Health Problems During Pregnancy in Pakistan
Pakistani women are among the worst affected when pregnant with health issues. With a very high mortality and morbidity rate during pregnancy and childbirth, the deaths per annum of women are among the highest in the world. There are many factors responsible for such problems. However, even more important is the lack of resources even for those who wish to seek treatment. The number of female doctors are very less, and in a society which does not allow the idea of a male doctor treating a female patient, the treatment options fade away (Butt, 2005).
The lack of medical facilities in various areas of Pakistan can be estimated by looking at Mardan, where at least 80 percent of the population is devoid of any health care facilities. Most of the people in Pakistan are living under the poverty line, making it extremely difficult to travel to distant areas for medical facilities. Even those who may live within access to these facilities may not be able to avail them as they cannot afford to do so (Pakistan Mardan Report, 2003). Pakistan currently has the worst mortality rates in South Asia where the death rates of pregnant women per 100,000 range from 300 to 700. The number of women who get pregnant each year are 5.4 million, many of whom suffer from complications of pregnancy that can be fatal (Pakistan Mardan Report,2003).
The dogmatic and extremely narrow approach to women and women’s health is the main reason why women are not able to get the proper medical attention. Women are at times not even allowed by other women to undergo medical treatment or visit a doctor. The tribal and rural concept of home deliveries aer another reason why patients remain undiagnosed of medical complications and later on suffer for the remainder of their lives.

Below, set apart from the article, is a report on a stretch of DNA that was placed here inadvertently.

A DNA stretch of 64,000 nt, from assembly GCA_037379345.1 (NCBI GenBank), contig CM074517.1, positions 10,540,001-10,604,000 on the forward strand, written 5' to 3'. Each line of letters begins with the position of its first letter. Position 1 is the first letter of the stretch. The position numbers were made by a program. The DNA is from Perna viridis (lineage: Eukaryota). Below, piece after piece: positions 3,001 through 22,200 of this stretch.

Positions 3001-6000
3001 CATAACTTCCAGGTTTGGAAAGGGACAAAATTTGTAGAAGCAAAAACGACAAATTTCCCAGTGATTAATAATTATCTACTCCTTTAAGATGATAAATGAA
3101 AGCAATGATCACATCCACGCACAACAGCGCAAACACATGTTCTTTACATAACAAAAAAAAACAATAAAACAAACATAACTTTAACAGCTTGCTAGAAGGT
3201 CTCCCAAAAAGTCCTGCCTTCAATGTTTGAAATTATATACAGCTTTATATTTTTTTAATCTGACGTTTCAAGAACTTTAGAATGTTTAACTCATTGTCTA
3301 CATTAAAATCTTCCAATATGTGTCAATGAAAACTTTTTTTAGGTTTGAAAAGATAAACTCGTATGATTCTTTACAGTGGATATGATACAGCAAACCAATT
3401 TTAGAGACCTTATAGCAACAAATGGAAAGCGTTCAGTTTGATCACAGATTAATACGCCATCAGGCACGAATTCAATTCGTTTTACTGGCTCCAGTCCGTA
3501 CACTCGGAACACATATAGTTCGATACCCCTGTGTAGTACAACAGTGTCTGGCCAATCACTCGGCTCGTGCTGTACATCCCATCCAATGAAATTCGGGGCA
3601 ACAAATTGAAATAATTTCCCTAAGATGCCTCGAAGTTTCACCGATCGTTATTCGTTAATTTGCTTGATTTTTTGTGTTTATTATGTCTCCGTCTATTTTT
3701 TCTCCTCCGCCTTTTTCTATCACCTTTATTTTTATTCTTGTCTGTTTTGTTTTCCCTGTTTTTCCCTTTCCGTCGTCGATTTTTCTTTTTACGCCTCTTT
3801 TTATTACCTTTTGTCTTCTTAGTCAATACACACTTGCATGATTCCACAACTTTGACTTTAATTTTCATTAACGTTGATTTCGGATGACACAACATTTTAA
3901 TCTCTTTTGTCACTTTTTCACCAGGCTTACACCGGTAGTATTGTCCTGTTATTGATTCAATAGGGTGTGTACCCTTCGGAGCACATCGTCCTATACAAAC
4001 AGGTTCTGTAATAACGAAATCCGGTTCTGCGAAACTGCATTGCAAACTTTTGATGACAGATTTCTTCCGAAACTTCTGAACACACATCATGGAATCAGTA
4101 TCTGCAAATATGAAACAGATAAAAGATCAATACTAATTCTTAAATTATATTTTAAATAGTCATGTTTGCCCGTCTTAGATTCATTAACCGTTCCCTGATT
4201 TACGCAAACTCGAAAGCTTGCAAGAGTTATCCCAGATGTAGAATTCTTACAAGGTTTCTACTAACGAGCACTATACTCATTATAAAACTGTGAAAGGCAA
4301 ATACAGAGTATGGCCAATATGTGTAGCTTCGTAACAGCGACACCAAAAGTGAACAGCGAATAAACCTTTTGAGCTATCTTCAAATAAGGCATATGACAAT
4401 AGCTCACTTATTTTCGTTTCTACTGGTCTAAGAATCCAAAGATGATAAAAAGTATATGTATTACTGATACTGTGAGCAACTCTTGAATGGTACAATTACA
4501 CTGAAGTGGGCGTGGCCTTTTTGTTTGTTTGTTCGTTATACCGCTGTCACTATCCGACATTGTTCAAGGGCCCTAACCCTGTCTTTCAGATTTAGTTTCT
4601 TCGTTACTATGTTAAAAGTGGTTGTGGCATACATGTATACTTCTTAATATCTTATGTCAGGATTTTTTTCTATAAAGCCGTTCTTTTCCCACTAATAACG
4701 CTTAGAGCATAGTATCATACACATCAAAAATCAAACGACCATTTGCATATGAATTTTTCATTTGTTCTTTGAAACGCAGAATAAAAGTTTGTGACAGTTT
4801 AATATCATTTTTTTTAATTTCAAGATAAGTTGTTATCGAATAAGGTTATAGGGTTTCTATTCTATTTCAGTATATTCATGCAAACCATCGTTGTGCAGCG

The other medical complications of pregnancy have not been tabulated mostly because there are many areas where research cannot be carried out at all. This is either due to lack of medical personnel or facilities, or either because people do not allow their women to go to the doctors.
Social dogmas limit further the rights and access of women to reproductive health services. Domestic violence remains a chief cause of complications related to pregnancy including unwanted pregnancies, lack of access to family planning services, unsafe abortions or injuries due to abortion, complications due to frequent and high risk pregnancies, lack of follow up care, sexually transmitted infections, and other psychological problems (Gender Based Violence and Reproductive Health, nd).
The overall lack of proper psychological services and rehabilitation centers may lead to women remaining undiagnosed with depression and other conditions, especially after delivery of the baby.
The reproductive health is among the most serious problems that women face in Pakistan. They have no right to take any decisions regarding their health, which affects their morbidity and motality, and as a consequence affects the development of the children. Many children lose their mothers to frequent pregnancies and complications.
The efforts to create more services and making them available to various parts of Pakistan is an endeavour that should be lauded. However, there is still a long way to go, and unless the societal perceptions and views are changed, the situation is unlikely to change.